A Decade of Digital Engagement: Inner West Council

For the past decade, Sydney’s Inner West community has consistently expressed a strong desire to provide input into Council decisions.

Since 2009, the use of the EngagementHQ platform has been crucial to meet that need.

Senior Engagement Specialist, Annie Coulthard, says the local community welcomed the option of digital engagement from the start.

“Our community is highly educated, politically aware and adopts technology early, so online engagement was readily embraced when we first used EngagementHQ in 2009.”

The digital journey began with the former Marrickville Council, and then continued with Inner West Council following local government amalgamations in 2016. (Inner West was formed through the merger of Marrickville, Ashfield and Leichhardt councils.)

Today, the platform provides a living record of 11 years of local online engagement, documenting Council decision-making through more than 580 current and past engagement projects.

“We’ve worked hard to build the ‘Your Say’ brand at Council events over the years, demonstrating how online engagement works on ipads and phones, and registering residents to the site,’” Annie says.

Annie is part of a centralizedcentralised Engagement Team at Inner West Council that works across the organizationorganisation to strengthen local democratic participation through structured engagement practices.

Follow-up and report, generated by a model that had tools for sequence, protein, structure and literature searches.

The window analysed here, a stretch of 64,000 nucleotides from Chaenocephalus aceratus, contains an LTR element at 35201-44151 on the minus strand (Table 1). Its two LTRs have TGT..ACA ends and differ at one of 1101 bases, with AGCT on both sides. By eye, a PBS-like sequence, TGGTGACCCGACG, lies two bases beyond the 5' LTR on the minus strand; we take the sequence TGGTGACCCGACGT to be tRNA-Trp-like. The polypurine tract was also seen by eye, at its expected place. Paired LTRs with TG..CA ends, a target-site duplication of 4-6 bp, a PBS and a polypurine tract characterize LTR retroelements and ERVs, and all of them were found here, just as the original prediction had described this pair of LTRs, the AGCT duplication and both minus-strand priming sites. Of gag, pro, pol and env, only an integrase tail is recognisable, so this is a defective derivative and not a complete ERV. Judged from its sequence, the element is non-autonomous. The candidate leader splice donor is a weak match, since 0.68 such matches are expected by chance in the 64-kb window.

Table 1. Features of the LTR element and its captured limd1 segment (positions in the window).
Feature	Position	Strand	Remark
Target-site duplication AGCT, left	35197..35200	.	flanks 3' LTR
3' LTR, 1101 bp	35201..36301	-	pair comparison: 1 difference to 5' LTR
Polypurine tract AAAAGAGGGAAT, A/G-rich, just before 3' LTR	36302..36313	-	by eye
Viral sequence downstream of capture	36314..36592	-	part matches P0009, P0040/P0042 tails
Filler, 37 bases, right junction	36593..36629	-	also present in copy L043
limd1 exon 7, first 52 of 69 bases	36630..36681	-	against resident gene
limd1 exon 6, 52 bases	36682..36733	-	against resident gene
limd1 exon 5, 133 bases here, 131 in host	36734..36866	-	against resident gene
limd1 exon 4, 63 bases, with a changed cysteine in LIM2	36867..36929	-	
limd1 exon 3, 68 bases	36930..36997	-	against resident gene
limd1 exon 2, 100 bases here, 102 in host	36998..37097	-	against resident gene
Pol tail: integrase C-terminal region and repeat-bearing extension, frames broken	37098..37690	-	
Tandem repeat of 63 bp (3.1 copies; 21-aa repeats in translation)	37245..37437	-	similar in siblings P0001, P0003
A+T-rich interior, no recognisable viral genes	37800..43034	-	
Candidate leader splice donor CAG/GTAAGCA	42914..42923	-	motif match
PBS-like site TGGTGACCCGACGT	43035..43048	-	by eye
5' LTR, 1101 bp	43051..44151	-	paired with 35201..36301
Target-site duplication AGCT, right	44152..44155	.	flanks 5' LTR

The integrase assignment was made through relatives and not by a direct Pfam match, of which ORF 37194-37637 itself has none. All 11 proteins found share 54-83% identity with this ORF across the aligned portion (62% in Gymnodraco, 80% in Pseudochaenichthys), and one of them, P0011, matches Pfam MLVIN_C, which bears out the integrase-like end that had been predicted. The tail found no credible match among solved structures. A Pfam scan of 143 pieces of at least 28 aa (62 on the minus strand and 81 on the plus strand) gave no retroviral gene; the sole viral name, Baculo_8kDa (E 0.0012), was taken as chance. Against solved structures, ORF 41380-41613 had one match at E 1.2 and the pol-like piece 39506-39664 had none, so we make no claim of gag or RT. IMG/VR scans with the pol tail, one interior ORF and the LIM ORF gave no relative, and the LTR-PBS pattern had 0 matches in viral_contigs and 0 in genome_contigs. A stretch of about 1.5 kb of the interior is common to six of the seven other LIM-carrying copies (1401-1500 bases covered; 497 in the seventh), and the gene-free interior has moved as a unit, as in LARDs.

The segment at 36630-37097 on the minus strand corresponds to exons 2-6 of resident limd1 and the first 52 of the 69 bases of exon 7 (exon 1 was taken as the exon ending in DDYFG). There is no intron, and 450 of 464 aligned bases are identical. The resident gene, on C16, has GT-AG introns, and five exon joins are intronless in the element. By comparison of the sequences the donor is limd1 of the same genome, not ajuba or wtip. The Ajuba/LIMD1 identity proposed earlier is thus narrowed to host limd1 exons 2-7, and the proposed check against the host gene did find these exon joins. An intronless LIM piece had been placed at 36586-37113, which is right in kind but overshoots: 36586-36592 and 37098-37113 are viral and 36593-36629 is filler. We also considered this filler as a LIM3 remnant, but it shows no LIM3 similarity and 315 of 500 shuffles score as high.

Under Council’s Engagement Framework, every project requiring engagement has a dedicated ‘Your Say’ page, and the Engagement Team works with teams across Council to embed an online feedback option at the heart of every project.

“EngagementHQ enables Council to demonstrate its commitment to this consistent approach. It provides a permanent directory of projects undertaken, and a record of how consultation methods have evolved over time,” Annie says.

It started with an online hub…and then grew

That initial project in 2009 involved creating a set of online tools to help develop Marrickville Council’s first community strategic plan. Council then used the platform again in 2011 to seek feedback on a new community hub. The project had a number of engagement stages and evolved over time into a state-of-the-art public library and community facility, which was built and opened to the public in 2019.

In 2012, Council entered into an ongoing relationship with Bang The Table and delivered 16 digital engagement projects that year through EngagementHQ.

Since then, as the engagement team and function grew, the number of online engagements and their scope has increased as well.